Truth be told, this album isn't for the casual listener; if you're looking for sweet radio songs or additions to a shuffled playlist, you will be sorely disappointed. This is more like a composition with multiple movements; it must be consumed in its entirety. And no it's not for the faint of heart, there is some moderate language scattered sparsely through the album that some listeners may be offended by - however, for this reviewer, it seems to be in context and not meant to be crude. Needless to say, this isn't a faultless album. There are some lackluster moments, but the whole is greater than the sum of its parts. So for that reason, it wouldn't hurt for folks to give this album a chance.

- Review date: 5/11/15, written by Ryan Barbee of

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JFH Staff's Second Opinion

When Abandon Kansas launched an indiegogo for their new album alligator last year, the band was clear what their goals were: "I'm not trying to make a dark record, I am just trying to make something real, and the reality is that I'm in a dark place in my life. I'm struggling with defeat and depression and anxiety and some identity and addiction issues. The goal with this record is to live in that brooding tension, instead of trying to offer answers, neatly gift wrapped in each song. I'm just going to let it hurt for awhile."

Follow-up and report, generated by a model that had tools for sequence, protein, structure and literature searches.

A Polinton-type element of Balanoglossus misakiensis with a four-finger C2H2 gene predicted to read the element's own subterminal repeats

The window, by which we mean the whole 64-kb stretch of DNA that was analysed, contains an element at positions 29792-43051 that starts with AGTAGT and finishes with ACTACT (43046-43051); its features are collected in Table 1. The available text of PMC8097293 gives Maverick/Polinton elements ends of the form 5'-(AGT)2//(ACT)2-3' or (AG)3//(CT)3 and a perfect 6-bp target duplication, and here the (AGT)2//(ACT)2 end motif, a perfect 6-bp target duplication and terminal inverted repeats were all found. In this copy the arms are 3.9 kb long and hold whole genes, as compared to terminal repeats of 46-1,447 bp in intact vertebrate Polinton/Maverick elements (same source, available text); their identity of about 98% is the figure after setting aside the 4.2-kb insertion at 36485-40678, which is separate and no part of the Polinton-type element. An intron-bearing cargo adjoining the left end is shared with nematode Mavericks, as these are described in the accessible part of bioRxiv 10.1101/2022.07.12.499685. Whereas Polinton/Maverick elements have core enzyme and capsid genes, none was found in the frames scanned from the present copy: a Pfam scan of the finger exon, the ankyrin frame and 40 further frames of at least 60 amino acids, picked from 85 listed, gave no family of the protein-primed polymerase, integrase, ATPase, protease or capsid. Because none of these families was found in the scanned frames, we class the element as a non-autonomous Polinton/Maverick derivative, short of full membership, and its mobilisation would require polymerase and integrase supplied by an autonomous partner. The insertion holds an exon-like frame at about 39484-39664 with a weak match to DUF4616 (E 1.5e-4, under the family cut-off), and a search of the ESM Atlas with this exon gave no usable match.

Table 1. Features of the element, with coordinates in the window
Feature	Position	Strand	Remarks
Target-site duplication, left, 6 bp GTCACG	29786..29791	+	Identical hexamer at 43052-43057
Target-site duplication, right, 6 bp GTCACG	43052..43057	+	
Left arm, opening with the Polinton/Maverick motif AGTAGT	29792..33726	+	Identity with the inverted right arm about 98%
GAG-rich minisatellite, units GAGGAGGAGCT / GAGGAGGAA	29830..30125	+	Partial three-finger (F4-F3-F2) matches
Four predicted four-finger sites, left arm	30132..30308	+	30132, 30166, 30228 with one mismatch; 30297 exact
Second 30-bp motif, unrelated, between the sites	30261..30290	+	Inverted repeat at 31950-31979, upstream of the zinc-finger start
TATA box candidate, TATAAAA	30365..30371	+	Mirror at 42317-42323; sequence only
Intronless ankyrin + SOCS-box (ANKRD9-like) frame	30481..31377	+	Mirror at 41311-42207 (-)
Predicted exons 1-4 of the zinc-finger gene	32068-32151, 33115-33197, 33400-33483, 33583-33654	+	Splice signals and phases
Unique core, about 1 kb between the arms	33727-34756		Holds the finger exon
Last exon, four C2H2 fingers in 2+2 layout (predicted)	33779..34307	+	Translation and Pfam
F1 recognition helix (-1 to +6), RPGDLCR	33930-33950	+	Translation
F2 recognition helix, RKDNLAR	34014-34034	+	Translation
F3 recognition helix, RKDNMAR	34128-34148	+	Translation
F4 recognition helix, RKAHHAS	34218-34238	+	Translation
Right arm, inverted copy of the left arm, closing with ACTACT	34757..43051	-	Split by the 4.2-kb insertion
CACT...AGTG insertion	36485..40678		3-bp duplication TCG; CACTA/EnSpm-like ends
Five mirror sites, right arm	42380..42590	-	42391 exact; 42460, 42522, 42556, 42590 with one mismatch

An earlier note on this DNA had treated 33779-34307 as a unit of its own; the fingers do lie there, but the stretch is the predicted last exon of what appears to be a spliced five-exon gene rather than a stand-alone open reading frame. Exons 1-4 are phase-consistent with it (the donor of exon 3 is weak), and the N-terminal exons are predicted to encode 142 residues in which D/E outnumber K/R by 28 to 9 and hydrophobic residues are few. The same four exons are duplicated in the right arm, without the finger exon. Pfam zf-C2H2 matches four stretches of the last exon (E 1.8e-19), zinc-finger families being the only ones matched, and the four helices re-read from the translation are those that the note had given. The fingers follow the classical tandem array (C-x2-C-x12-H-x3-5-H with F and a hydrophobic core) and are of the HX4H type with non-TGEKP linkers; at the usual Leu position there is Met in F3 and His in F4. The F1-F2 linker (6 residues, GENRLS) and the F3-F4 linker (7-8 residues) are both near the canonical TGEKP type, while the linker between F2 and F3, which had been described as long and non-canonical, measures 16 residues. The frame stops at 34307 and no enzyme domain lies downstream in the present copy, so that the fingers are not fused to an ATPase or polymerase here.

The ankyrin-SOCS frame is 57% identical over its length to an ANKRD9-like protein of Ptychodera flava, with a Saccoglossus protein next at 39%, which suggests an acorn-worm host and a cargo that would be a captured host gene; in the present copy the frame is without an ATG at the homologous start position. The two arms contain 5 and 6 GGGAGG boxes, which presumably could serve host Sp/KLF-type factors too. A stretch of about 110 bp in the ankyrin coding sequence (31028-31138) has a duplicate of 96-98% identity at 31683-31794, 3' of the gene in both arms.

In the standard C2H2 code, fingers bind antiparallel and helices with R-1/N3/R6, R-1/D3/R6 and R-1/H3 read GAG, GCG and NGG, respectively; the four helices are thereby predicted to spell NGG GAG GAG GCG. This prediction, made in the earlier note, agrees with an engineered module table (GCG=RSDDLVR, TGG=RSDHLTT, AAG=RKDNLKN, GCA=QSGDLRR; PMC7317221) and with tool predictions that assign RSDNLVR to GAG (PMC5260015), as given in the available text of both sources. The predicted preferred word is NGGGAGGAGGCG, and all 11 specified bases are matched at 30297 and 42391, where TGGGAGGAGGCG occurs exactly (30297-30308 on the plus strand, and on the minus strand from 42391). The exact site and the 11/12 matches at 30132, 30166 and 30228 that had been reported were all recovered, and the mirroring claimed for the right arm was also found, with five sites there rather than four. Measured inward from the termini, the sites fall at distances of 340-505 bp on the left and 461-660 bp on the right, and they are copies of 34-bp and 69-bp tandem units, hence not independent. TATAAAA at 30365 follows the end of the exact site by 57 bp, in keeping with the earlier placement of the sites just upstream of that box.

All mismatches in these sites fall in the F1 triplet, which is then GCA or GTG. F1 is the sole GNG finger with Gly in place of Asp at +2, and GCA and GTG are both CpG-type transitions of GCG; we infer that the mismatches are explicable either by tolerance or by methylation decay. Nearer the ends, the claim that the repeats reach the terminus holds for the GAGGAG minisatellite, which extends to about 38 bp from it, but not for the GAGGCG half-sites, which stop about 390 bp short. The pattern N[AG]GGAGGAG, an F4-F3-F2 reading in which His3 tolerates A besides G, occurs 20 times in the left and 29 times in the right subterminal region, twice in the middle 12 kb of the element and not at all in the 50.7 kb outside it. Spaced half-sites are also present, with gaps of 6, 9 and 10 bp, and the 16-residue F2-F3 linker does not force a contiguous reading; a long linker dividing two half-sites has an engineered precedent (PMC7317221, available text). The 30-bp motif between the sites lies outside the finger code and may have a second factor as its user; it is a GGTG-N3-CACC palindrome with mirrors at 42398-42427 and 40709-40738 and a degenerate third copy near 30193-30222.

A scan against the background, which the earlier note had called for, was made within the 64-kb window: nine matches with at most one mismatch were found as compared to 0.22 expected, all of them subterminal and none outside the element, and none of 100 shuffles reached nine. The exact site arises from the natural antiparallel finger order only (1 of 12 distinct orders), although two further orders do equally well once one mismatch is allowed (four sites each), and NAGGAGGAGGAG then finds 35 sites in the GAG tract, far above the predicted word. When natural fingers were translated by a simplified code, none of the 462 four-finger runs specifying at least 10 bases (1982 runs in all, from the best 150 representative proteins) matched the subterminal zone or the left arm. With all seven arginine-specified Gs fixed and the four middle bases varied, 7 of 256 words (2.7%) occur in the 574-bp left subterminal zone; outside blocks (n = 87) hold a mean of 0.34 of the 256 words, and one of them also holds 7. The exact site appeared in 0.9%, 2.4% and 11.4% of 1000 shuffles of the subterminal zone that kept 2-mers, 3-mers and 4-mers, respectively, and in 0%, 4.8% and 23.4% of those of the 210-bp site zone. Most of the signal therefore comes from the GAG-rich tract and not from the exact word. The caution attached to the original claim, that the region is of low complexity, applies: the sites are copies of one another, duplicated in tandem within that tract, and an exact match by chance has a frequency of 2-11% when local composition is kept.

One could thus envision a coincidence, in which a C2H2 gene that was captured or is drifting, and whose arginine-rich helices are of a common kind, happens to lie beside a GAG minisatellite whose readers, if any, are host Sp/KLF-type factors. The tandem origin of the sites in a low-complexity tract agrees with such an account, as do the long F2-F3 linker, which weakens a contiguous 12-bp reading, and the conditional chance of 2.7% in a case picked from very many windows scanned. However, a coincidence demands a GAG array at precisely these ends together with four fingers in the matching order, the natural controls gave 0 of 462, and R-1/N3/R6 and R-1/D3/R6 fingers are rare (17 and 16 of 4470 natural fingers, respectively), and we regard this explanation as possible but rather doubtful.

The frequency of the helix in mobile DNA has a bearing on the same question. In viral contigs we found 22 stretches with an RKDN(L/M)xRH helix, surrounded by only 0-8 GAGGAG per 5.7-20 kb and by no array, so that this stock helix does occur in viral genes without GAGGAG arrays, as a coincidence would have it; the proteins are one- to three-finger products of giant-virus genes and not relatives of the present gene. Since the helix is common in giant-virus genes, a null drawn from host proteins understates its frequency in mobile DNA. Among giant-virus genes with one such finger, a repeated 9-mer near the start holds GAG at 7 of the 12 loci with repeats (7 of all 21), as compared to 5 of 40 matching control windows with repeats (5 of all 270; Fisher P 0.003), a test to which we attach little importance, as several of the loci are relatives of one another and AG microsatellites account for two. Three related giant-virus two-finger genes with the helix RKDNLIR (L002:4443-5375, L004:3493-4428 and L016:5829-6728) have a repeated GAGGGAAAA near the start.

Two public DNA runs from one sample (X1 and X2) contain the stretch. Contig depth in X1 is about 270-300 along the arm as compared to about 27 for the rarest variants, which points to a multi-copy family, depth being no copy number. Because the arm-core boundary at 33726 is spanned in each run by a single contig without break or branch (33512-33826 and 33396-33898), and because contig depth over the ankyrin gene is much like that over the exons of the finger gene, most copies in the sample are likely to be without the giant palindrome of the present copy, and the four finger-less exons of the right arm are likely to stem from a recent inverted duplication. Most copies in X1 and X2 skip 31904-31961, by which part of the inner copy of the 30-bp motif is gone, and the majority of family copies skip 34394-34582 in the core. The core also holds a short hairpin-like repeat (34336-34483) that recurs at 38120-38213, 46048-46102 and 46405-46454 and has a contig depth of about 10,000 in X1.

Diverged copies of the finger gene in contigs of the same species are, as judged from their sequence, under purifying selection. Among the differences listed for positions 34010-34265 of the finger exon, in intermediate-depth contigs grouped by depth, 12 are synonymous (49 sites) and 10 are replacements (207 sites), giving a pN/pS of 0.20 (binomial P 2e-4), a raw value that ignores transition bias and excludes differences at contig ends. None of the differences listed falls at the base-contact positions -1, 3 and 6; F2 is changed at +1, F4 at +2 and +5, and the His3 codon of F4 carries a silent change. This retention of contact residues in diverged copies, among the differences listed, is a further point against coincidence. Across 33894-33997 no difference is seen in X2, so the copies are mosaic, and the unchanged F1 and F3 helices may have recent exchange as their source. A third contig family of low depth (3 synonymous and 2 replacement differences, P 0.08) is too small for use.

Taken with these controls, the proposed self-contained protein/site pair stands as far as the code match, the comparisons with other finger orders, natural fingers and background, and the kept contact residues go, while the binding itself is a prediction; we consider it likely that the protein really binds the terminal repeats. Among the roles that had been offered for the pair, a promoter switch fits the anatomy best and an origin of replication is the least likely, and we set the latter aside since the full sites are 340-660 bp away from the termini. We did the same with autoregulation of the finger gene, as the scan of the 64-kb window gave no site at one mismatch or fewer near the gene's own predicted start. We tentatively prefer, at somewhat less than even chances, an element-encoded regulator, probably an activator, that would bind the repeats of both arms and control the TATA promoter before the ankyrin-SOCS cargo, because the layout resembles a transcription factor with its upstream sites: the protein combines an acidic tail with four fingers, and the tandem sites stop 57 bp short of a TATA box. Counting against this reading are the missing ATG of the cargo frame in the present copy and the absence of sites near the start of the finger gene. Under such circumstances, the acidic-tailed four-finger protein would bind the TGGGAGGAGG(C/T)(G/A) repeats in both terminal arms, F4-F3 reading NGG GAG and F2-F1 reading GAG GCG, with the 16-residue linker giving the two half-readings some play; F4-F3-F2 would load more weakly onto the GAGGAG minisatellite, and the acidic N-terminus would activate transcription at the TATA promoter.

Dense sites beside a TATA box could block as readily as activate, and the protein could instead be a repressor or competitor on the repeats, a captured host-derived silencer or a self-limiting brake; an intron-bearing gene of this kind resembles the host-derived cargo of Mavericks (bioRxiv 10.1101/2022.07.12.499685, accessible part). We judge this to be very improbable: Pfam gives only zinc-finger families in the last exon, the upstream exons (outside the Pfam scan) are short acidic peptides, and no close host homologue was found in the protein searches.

There's no doubt the album feels real. It also feels dark. But the album's darkness transcends more than the three profanities that pop up (p**s, d**mit, and a muffled use of a**h***). We get front row seats to tragedies like loss ("What You Meant"), addiction ("Get Clean"), and heartbreak ("Anniversary"). We do get glimpses of hope on tracks like "Get Clean," where singer Jeremy Spring obviously laments his condition and expresses his desire to overcome his addiction ("I want to get clean"), and "You Oughta Know" ("love can make you whole/only God can save your soul"). However, the whole album has an angry and frustrated vibe to it that listeners never truly escape ("I Hope God Doesn't Mind..." and "Mirror" typify the tone). A good musical comparison is House of Heroes with some differences, of course. One being Abandon Kansas is determined to make sure no one has any fun listening to this record. Unlike past upbeat and fun detours like "Marching Around Me," "You+Me+The Radio," "Like It Or Not," and "Liar," alligator is pretty much a joyless rock album with a bleak tone. Yes, "Get Clean" is a strong rock song with a terrific bridge, and both the ballad "Anniversary" and the acoustic "What You Meant" are emotional. But the rest of the laid-back, melancholy rock tracks don't sound any more interesting than what was on Ad Astra Per Aspera.